Conspiracy theories, explained Reply

Instead, everyone should simply believe in the unending benevolence of the ruling class.

, Vox

Eleanor’s dad loved science — or so she thought. Eleanor grew up listening to stories of the Apollo missions and audio clips from space expeditions. Every weekend, the two of them hopped on a train to downtown Philadelphia to visit the Franklin Institute, where they would explore the planetarium, flight simulators, and technology exhibits.

“It was our special thing,” Eleanor, now an elementary school teacher who requested that Vox not use her real name to protect her privacy, told me.

That was several years ago. In 2020, Eleanor began to glimpse a much different version of her father.

“I’m going to a protest,” he told her in April. At first, she assumed he was attending a Black Lives Matter march or a similar event. But no — her father was protesting to reopen the state of Pennsylvania, then under lockdown due to Covid-19, because he thought the governor was exaggerating the threat of the virus.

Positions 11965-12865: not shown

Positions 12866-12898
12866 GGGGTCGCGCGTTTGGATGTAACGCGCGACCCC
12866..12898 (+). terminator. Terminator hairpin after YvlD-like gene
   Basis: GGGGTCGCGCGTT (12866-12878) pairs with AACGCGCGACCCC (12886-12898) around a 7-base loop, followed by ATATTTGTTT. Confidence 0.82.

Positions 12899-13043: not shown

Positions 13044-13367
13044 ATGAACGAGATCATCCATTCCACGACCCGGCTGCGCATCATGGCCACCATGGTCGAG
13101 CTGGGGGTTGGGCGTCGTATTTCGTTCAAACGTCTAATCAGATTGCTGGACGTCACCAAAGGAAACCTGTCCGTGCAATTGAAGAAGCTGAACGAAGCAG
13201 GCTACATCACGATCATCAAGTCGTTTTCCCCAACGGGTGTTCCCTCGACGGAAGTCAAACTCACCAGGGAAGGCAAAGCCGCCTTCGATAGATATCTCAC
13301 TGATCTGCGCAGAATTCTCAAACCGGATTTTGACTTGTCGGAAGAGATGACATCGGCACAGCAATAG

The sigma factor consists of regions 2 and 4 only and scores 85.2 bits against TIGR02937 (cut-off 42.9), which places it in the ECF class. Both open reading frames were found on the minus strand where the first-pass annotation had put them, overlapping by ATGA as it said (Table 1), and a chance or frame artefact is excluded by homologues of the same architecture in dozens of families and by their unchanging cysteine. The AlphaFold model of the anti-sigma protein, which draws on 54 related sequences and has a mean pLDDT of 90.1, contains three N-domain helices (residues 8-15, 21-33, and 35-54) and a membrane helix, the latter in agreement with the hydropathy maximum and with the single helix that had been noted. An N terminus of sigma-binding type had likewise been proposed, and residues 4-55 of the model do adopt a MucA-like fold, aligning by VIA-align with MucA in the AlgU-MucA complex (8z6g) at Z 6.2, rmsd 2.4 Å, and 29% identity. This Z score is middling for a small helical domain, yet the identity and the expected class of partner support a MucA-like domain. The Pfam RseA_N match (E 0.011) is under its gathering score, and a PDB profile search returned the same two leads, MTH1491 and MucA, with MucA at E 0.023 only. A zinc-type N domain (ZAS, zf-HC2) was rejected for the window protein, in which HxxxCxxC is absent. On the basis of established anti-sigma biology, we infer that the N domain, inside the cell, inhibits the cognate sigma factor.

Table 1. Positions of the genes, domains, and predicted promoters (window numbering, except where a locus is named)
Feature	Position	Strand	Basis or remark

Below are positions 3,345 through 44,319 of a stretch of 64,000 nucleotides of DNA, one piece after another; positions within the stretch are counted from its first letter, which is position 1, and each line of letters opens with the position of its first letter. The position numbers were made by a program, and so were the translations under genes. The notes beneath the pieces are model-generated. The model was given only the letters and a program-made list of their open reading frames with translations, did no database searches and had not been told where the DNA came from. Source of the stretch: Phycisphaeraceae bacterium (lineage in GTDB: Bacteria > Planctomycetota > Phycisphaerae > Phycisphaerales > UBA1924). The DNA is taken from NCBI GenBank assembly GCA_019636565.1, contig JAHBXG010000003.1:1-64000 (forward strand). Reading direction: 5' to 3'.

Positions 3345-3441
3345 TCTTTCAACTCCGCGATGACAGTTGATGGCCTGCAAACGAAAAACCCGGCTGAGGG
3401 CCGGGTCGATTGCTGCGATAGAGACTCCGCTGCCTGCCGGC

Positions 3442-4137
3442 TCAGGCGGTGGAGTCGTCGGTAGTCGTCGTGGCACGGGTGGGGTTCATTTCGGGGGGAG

Other dissonant moments followed. Eleanor’s father didn’t just disagree with Democratic Pennsylvania Gov. Tom Wolf — suddenly, Wolf was “a dictator.” Her father started following fringe communities and groups online, arguing that masks were “a muzzle and a control device,” a way for the government to somehow manipulate the populace.

Then he began enthusiastically repeating the false claims of Stella Immanuel, a Houston pediatrician who went viral earlier this year for claiming hydroxychloroquine could “cure” Covid-19. (Immanuel has also declared, among other things, that ovarian cysts are caused by sex with demons, that scientists are experimenting with alien DNA, and that reptilian humanoids are running the government.) Once, when Immanuel appeared on a TV news segment, Eleanor’s father and stepmother began cheering, as though they were at a political rally instead of at home watching a far-right conspiracy theorist.

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